Restaurant > DiningThai me up
No one ever seems to take me up on this, but occasionally I like to tell readers how they can dine out really, really cheap. It reminds me of the time I spent in New York City, when I was allergic to work. My boyfriend and I would walk to a Ukrainian diner called Odessa on Avenue A, order a fabulous 50-cent soup and scarf all the bread we could eat. (We didn’t share the bowl; we weren’t that desperate.)
Here’s the Hamtramck 2003 version: three people go to Thai Bangkok. They order one $7.20 entrée. They leave $3 poorer apiece, replete and with the satisfaction of having tipped generously.
Entrées are a buck cheaper for lunch.
Portions are immense at Thai Bangkok, which has been operating under the management of its new owner, Por Vang, since October. Although quality varies from dish to dish, you can get a magnificent meal here.
At the very top of the list is Tom Kha soup ($2), described as hot and sour but actually more hot and sweet. I spent a lot of time trying to figure out the order in which I tasted the bite of the scallions, the sweetness of the coconut milk and the earthiness of the cilantro, and finally gave up. They’re all distinguishable and if you order pork in your soup, those small morsels add a rich bonus.
Also wonderful is Tom Yum, and, again, “hot and sour” doesn’t do it justice. This is usually Tom Kha without the coconut milk, but Por Vang, who is also the cook, has seen fit to throw in tomato slices — and they work. I’d like to know where he finds tomatoes with flavor this time of year; in any case, he’s discovered that this New World fruit makes perfect sense with lemon grass and kaffir lime leaves.
Another arresting combination is roasted peanuts and squid, which works great in Gaeng Massaman, a “Muslim curry stir-fry.” (Crab, scallops, shrimp, chicken, beef, pork or tofu are also available.) This golden-orange concoction also includes potatoes and onions.
How potatoes found their way to Thailand, I don’t know. Because of them, the curry is more than filling as well as rich, though the squid is a bit rubbery.
Thai Bangkok hides more soups in the “Noodles” section of the menu. There’s broth at the bottom of a huge bowl filled with noodles, bean sprouts, fried garlic, ground peanuts, cilantro and scallions ($7.20). Cilantro is prominent here, blending with the other flavors to produce a light but pungent broth. I ordered the roast pork version; this complex dish is a find.
Since you’ll be carrying some of your soup home, you should know that the bean sprouts lose none of their crispness by Day Two, nor do the noodles turn to mush.
Ditto for Pad Thai, in which Por Vang does a good job. With Pad Thai, the main thing is to keep the ingredients fresh and the sauce light. Mission accomplished.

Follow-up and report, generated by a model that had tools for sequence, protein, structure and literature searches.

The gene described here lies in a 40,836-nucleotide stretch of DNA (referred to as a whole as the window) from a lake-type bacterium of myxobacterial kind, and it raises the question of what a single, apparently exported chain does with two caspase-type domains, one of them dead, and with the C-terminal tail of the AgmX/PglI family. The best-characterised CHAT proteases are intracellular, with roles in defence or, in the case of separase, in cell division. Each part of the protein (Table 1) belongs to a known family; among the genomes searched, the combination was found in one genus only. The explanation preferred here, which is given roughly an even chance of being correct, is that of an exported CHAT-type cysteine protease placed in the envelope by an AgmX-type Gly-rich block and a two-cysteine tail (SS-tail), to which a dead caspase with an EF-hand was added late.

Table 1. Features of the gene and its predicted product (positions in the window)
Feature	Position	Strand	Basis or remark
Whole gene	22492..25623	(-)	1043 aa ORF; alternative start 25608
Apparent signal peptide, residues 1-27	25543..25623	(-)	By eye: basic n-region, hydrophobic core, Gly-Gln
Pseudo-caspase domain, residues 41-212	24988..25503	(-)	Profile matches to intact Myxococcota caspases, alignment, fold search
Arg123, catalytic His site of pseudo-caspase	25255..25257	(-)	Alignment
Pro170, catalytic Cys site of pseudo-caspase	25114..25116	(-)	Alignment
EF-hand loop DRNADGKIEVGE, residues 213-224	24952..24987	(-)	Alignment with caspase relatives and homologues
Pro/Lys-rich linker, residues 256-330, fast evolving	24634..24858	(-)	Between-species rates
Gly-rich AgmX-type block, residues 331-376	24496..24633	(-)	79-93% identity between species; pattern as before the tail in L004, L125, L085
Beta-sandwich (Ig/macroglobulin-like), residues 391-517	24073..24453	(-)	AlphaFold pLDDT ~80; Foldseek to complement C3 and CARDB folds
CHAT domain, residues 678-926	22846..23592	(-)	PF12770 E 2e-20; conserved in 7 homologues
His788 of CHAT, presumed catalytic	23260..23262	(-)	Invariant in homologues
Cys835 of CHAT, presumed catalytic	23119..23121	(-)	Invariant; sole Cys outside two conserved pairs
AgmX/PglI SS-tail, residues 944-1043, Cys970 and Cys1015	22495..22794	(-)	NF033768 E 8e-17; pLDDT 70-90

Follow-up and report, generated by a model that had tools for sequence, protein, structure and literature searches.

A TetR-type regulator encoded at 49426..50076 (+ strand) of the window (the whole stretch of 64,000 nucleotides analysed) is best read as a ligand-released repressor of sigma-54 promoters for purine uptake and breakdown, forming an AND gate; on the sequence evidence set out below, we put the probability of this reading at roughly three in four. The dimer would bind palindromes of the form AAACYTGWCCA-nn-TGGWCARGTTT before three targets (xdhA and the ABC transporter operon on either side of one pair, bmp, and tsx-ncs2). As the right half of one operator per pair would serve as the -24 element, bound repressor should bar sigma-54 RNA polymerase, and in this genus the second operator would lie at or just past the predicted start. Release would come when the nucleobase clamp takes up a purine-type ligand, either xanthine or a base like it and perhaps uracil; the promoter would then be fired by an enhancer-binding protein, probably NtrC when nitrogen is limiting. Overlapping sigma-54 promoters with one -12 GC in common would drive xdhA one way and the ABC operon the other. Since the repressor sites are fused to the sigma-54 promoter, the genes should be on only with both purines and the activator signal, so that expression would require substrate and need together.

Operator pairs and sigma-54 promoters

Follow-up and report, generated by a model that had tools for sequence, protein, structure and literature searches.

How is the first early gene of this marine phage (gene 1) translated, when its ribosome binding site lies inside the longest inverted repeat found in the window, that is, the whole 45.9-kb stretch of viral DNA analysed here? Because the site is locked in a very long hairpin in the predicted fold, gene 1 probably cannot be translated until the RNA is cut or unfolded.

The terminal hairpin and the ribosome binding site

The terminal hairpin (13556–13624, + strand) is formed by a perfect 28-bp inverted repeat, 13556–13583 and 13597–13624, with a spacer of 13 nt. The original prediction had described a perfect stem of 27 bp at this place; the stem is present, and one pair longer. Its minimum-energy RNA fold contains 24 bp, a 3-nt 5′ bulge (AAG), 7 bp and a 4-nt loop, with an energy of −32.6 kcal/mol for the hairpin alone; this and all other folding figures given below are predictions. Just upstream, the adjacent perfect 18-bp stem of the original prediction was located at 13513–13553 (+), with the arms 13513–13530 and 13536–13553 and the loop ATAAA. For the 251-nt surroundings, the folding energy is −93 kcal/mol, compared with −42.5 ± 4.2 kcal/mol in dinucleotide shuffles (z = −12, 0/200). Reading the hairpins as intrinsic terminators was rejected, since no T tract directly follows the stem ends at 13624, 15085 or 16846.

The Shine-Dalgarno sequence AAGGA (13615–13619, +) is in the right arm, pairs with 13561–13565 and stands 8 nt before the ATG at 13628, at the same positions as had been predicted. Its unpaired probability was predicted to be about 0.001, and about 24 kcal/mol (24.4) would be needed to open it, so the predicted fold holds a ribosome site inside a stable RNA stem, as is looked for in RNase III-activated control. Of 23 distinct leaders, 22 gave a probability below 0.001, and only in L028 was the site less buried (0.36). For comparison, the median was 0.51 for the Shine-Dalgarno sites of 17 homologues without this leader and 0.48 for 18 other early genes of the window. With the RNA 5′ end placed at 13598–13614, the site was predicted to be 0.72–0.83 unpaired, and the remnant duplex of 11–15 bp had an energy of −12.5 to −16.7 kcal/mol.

Less successful was a red snapper dish, Pla Pad Ped, the most expensive item on the menu at $11.20. The fish was rather tough and chewy.
My companion called her green curry with chicken “somehow spicy and bland at the same time.” It’s pale and creamy and the kaffir lime leaves and basil don’t really come through as hoped.
Thai Bangkok’s appetizers are mostly miss-able, partly because the accompanying sauces are mediocre to bad. Spring rolls are small and very ordinary cylinders, more wrapper than filling. Fresh rolls might be refreshing come summer but left me cold in January. The white rice noodle wrapper encloses lettuce, shredded carrot and cucumber and is served with a hoisin sauce.
Tofu Tod: Let’s be blunt: there are nutritional reasons for tofu, but there are no gastronomic reasons for tofu. I don’t care how well you carefully crisp its outsides, it will still be flavorless inside — and I’ve never found tofu to be good at absorbing other flavors, the way rice or noodles or potatoes are. So even the mildly sweet and pleasant sauce served with this appetizer does not rescue it from featureless insipidity. Save your $4.50.
The usual desserts are proffered, for $1.50. Coconut ice cream is quite sweet, not creamy, and has tiny balls of tapioca hidden within. Banana rice cake, for those who haven’t tried it, is rice and coconut milk wrapped in a banana leaf and steamed to a paste, sweetly dense and sticky, with a few mung beans. I’d say that this works for those who are determined to finish their meal with something sweet, but it’s not worth bothering about for others.
Thai Bangkok is unassuming in the extreme. There are a few photos of Thai scenes or emblems on the walls, including a gray shot of the restaurant’s exterior that looks like it was taken in the ’30s.
Service is not top-notch — if you want individual plates with your appetizer, you’ll need to ask. Or maybe they’re economizing on wash water.
No matter. It’s the food you’ve come for.
(Thai Bangkok is closed on Sundays. No alcohol.)
Jane Slaughter dines for Metro Times. E-mail email@example.com.